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    ABSTRACT: Evidence is reported that liver manganese deficiency, whether artificially produced by the administration of a Mn-deficient diet, or physiologically occurring in the neonatal life, in mice and rats respectively, causes the down-regulation of the manganese-containing superoxide dismutase at (pre)-transcriptional level. These observations, in addition to previous data concerning Mn-deficiency and the low level of expression of MnSOD in Morris hepatomas, strongly support the role played by the metal ion in the control of the MnSOD by a mechanism of gene activation. While the molecular events taking place in such regulation are not yet identified, the involvement of reactive oxygen species (ROS) as second messengers in the activation of specific transcription factors is suggested.
    Biochemistry international 01/1993; 28(4):595-601.
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    ABSTRACT: The presumed involvement of the transition metals manganese and copper in the regulation of the expression of the Mn- and CuZn-containing superoxide dismutase genes has been investigated in normal and neoplastic tissues of the rat. Two hepatomas of the Morris line have been employed, the slow growing, highly differentiated 9618A and the fast growing, poorly differentiated 3924A. The data obtained indicate a control at the pretranslational level of the Mn-containing enzyme, presumably exerted by the manganese ion. The CuZn-containing superoxide dismutase is also regulated pretranslationally in the normal tissues examined and in the hepatoma 3924A. However, there is no indication for the involvement of the copper ion, which in the liver is mostly located in the cytosol bound to CuZnSOD, in such regulation. The possible role of a reduced redox state, concomitant to the manganese deficiency in hepatoma tissues, in the down regulation of Mn-containing superoxide dismutase is discussed.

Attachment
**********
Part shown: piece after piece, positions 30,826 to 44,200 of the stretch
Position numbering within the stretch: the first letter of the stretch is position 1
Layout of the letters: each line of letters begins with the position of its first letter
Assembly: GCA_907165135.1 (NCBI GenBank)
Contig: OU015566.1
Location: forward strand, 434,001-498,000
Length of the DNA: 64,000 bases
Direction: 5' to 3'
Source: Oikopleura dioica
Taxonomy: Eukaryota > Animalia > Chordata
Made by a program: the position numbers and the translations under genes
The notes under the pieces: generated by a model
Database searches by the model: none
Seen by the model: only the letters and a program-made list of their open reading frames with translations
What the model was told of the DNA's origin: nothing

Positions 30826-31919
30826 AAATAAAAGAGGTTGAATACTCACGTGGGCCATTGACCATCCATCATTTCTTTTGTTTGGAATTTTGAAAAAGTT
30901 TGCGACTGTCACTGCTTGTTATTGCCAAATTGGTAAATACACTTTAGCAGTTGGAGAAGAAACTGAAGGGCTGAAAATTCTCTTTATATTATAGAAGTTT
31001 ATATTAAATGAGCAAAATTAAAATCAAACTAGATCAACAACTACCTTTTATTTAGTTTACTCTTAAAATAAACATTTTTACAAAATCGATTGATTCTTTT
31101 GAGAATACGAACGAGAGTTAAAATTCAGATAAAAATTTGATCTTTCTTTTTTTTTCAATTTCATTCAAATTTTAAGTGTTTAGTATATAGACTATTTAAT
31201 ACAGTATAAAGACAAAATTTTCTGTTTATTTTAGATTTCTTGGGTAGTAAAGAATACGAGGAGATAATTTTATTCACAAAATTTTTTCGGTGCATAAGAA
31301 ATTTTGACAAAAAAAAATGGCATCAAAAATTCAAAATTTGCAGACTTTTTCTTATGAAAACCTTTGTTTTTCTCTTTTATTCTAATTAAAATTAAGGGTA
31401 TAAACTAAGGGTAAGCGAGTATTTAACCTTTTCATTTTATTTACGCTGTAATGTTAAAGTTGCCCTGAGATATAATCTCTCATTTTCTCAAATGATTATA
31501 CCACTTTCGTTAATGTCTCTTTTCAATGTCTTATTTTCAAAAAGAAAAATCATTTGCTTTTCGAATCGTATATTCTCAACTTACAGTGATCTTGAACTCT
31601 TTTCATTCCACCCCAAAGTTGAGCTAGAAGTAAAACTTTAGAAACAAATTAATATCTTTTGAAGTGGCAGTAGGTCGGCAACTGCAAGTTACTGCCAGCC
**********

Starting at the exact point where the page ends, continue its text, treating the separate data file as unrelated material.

FEBS Letters 11/1992; 310(3):249-54. DOI:10.1016/0014-5793(92)81342-J · 3.34 Impact Factor
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    ABSTRACT: Total and polyadenylylated RNA have been isolated from two Morris hepatomas with different degree of differentiation and from the normal liver of the corresponding tumor-bearing inbred rats. The analysis of mRNA has been performed by Northern hybridization using 32P-dA-tailed synthetic deoxyoligonucleotide probes, 33-mer for Mn superoxide dismutase (SOD) and 36-mer for CuZnSOD, derived from the nucleotide sequences of the rat enzyme cDNAs. Two distinct mRNA species (about 850 and 1080 nucleotides) have been identified by using the MnSOD probe. CuZnSOD is translated from a single message of about 720 nucleotides. The total MnSOD mRNA concentration is decreased by 43% and 57% in the hepatomas 9618A (highly differentiated) and 3924A (poorly differentiated), respectively. CuZnSOD mRNA is practically unchanged in the hepatoma 9618A whereas it is reduced by 80% in the hepatoma 3924A. Comparison of the enzyme activities and mRNA levels indicates a good correlation only for hepatoma 3924A, suggesting that the changes of both SODs are regulated pretranslationally. From the data obtained it is also inferred that the mRNA levels of MnSOD respond more readily than those of CuZnSOD to changes in differentiation.
    Biochemical and Biophysical Research Communications 01/1990; 165(2):581-9. DOI:10.1016/S0006-291X(89)80006-3 · 2.28 Impact Factor

Publication Stats

335 Citations
40.97 Total Impact Points


  • 2000
    • University of Buenos Aires
      • Department of Pathology
      Buenos Aires, Buenos Aires F.D., Argentina
  • 1990–1999
    • The Catholic University of America
      Washington, Washington, D.C., United States
  • 1994
    • Catholic University of the Sacred Heart
      • Institute of General Pathology
      Milano, Lombardy, Italy